Up fourteen flights on the elevator we go. Daddy is in a room by himself, connected to bleeping machines, one that breathes for him, one to measure his heart rate, blood pressure, temperature, oxygen levels, and who knows what else. There is a bag draining his stomach of fluids I am sure shouldn’t be there. If it were anyone but him, I wouldn’t be able to tolerate the sight. The vision of him lying there helpless is so unlike what I know to be true of my father. I kiss his cheek, hold his hand, and wait. They have already performed numerous tests, but it’s going to be a long night.
Day two of this nightmare. “Why won’t Daddy wake up?” The question remains the same. The doctor takes us (family) to a small conference room. A white laminated table dominates the room. There are six metal chairs. We sit. The doctor puts some x-rays on the wall and flicks on a light. This is daddy’s brain. A subdural hematoma has occurred, probably happening so fast he felt nothing. That’s no comfort. The blood has compressed the brain tissue. He’s not breathing on his own and his heart is not beating on his own. There is no brain activity. Blah, blah, quality of life, blah, blah, nothing we can do, blah, blah, decision to make.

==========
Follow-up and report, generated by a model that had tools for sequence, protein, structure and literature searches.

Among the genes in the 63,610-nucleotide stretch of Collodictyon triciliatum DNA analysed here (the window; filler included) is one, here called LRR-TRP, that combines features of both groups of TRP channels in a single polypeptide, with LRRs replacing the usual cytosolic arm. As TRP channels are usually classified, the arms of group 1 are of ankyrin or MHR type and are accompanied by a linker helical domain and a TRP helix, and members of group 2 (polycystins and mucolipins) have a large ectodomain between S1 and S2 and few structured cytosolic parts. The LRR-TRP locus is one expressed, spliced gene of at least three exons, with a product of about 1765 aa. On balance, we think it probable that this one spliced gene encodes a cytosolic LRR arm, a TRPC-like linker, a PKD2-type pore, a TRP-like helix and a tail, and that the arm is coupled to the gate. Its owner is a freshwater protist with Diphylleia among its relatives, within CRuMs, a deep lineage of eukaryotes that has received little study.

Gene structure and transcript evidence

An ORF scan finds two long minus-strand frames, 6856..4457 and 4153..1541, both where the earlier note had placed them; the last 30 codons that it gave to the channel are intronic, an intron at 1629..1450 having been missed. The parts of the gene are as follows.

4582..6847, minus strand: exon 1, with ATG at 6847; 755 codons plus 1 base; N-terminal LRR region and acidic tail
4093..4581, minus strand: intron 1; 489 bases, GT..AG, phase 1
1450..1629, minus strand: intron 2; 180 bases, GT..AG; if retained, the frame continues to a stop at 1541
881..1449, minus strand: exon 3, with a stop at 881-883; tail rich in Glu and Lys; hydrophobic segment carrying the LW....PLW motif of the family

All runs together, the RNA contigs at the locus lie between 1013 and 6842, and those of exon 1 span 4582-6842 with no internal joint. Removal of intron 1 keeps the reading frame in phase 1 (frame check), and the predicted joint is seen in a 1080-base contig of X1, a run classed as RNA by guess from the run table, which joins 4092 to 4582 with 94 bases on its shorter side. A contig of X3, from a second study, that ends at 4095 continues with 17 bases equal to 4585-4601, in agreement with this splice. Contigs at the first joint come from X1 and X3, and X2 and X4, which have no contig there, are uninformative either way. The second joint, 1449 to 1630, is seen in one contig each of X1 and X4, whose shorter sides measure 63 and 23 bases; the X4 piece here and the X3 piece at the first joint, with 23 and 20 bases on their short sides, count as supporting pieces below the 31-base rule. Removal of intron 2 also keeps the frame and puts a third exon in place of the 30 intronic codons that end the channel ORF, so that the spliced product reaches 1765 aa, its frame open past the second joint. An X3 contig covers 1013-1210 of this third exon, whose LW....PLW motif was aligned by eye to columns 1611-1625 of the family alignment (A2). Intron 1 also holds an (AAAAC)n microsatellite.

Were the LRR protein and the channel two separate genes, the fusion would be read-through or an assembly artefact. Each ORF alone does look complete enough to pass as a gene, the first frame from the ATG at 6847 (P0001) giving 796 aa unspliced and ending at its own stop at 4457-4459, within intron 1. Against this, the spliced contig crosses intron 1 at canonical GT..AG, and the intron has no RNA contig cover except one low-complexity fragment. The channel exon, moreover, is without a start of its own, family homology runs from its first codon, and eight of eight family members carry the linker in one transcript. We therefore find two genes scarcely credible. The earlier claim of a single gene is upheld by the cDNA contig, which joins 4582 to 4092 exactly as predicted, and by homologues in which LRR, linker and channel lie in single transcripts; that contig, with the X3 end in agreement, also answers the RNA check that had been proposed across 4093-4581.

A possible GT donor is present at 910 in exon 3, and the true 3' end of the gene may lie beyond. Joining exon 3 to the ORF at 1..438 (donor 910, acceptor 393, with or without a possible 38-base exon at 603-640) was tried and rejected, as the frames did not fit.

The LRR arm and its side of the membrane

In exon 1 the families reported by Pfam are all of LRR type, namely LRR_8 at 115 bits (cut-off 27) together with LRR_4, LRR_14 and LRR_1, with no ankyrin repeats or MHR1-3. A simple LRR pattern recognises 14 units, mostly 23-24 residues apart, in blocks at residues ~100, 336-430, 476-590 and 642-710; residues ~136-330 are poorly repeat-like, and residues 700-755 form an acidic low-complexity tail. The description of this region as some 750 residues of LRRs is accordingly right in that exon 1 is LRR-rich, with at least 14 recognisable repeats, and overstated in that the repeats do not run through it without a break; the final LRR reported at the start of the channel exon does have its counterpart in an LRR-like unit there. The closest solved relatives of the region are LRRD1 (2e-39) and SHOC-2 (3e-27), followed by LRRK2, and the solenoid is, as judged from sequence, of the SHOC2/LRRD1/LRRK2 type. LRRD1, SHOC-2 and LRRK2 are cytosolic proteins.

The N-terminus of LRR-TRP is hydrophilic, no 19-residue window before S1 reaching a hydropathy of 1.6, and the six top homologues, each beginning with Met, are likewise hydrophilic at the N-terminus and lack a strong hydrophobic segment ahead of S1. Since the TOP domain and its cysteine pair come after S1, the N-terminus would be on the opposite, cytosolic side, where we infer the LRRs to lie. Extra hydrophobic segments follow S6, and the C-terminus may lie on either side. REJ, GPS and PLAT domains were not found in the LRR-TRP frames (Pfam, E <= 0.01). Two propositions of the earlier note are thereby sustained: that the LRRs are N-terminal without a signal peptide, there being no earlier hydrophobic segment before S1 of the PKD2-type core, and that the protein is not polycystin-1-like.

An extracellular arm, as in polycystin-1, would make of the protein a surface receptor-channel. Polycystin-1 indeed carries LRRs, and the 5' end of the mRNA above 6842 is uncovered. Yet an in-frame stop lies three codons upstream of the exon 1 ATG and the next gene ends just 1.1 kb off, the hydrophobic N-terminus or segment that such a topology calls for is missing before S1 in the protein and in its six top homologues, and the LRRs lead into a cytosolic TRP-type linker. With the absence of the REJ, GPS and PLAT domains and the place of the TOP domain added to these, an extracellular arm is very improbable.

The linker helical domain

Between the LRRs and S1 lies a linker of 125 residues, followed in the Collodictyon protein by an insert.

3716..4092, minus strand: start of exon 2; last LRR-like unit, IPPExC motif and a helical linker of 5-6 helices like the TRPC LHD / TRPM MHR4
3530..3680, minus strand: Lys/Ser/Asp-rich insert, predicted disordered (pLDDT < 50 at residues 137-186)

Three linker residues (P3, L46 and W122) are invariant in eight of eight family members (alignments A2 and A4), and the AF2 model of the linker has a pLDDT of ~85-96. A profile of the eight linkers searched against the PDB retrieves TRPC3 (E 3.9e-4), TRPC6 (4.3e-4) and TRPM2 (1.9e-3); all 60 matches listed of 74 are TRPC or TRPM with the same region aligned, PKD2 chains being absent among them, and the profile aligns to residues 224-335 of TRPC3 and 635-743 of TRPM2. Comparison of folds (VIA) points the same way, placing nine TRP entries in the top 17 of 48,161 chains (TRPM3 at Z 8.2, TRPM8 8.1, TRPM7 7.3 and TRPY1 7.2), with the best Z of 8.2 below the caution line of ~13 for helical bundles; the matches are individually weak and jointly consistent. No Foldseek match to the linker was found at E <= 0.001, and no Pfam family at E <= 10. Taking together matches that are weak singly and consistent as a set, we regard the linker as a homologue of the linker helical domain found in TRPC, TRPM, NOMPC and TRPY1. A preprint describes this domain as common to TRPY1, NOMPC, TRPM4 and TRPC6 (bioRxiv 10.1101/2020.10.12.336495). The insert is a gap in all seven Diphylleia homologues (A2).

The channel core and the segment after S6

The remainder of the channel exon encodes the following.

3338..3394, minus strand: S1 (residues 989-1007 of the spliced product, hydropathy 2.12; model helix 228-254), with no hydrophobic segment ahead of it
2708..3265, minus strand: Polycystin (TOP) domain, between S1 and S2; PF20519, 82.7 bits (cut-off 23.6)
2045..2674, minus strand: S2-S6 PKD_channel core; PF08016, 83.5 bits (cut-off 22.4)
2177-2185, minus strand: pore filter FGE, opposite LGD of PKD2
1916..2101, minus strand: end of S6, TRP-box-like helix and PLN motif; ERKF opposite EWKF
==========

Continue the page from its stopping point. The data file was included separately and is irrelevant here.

I hold daddy’s cold hand that has held mine so often in times of need. I love him so much. It’s time. Slower, the beeping gets slower until there is more time in between each one. “No, daddy! “Don’t go!” For a moment, there is the slightest increase in the beeping. Then, it stops. “NO!”
It wasn’t time, Daddy. At least, not according to me. We weren’t ready for this. I don’t know how to live without you as part of my life. The twins are only 8. How will they ever understand this? How will they grow up without their Papaw? Who will I turn to for solace, advice, an ear to listen? Something is wrong in the world. Has it completely stopped turning?
The hospital chapel is warm. It should be soothing. It should be a place for quiet reflection. It’s not. It’s empty, like me. I say a prayer for you, daddy, but mostly, I pray for us.
Thursday, October 25, 2007
1. Murder mystery – each person is assigned a character and follows a “script” until a guest figures out whodunit.
2. Costumer parade – let the little ones parade around the neighborhood. Make sure all the neighbors know when to be outside to see the little ghosts and ghouls.
3. White elephant party – each guest brings an item from their home that they don’t want – pink go-go boots, a stuffed Flinstones doll, an orange and green argyle sweater – the yuckier the better! Gifts are numbered, and each guest “gets” to take home something new.
4. Graffiti party – Guests arrive in white tee-shirts and get to write on each other’s shirts with markers. Better yet, use highlighters. Then, turn on the black light (remember the 70’s?) and wow!
5. Pumpkin carving contest – A traditional favorite. Guests can work in teams to carve the most creative pumpkin.
6. Hayride – Another traditional favorite. Load the kids onto a cart or wagon full of hay and take a tractor ride in the cool, autumn evening.
7. Face painting – Ask a teenager to come over and paint jack-o-lanterns, ghosts, or black cats on the little one’s cheeks.